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Remittance costs as a proportion of the amount remitted

SDG 10 / Target 10c: by 2030, reduce to less than 3% the transaction costs of migrant remittances and eliminate remittance corridors with costs higher than 5%

A 10-year trend analysis of the official SDG data using the SDG Data Explorer Tool created by the Commonwealth Secretariat shows that among all Commonwealth countries, the cost of remittances as a proportion of the amount remitted is currently highest in Malawi at 15.8% and lowest in Cameroon at 4.2%. The Commonwealth country that has made the greatest improvement in cutting remittance costs in this 10-year period is also Cameroon. The Commonwealth average for remittance costs over the last 10 years has improved marginally, dropping from 11.2% in 2011 to 9.6% in 2019.

For the first time, a country’s environmental footprint has been taken into account in determining rankings for the UN’s Human Development Index.

The ‘planetary pressures adjusted’ 2021 Human Development Index (PHDI) takes into account a country’s relative planetary pressure – carbon dioxide emissions per person (production-based) and material footprint per capita – when measuring their level of human development. Based on this new methodology for assessing ‘human development’, 26 Commonwealth countries have improved their HDI ranking in comparison with the 2020 index. Sri Lanka’s ranking has improved the most year-on-year, moving up by 34 places. Singapore’s fell by 92 places.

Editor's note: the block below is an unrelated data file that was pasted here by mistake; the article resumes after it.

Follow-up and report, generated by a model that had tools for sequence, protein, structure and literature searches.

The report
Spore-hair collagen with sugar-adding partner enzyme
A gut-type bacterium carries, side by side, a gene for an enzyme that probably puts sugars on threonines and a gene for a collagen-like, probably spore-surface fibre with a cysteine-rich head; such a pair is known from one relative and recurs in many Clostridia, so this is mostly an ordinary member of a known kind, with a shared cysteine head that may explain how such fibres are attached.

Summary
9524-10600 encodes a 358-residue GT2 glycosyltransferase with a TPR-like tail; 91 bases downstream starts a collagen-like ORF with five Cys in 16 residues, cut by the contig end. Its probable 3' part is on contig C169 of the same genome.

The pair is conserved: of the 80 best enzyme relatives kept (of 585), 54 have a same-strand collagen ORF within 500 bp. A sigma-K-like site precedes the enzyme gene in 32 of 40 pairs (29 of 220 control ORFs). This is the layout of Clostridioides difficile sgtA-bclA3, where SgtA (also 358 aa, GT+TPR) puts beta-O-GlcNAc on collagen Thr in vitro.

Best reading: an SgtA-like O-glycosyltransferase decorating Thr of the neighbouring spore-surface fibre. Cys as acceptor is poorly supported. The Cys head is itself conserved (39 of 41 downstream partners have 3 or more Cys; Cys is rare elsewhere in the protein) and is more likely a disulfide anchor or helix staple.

African countries lead in improving income inequality in the Commonwealth

Source: World Bank (2019)

The chart shows the Commonwealth countries that made the greatest improvement in reducing income inequality in their respective regions between the years 2000 and 2016. In total, 16 Commonwealth countries reduced inequality – 8 from Africa, 3 from Asia, 4 from the Pacific and 1 from Europe. No country from the Caribbean and Americas region reduced income inequality in the same period. Countries that registered the biggest improvement across the Commonwealth are Botswana, The Gambia, Solomon Islands, Sierra Leone and Kenya. The countries that exacerbated income inequality are Zambia, Mozambique, South Africa, Malawi and Cameroon.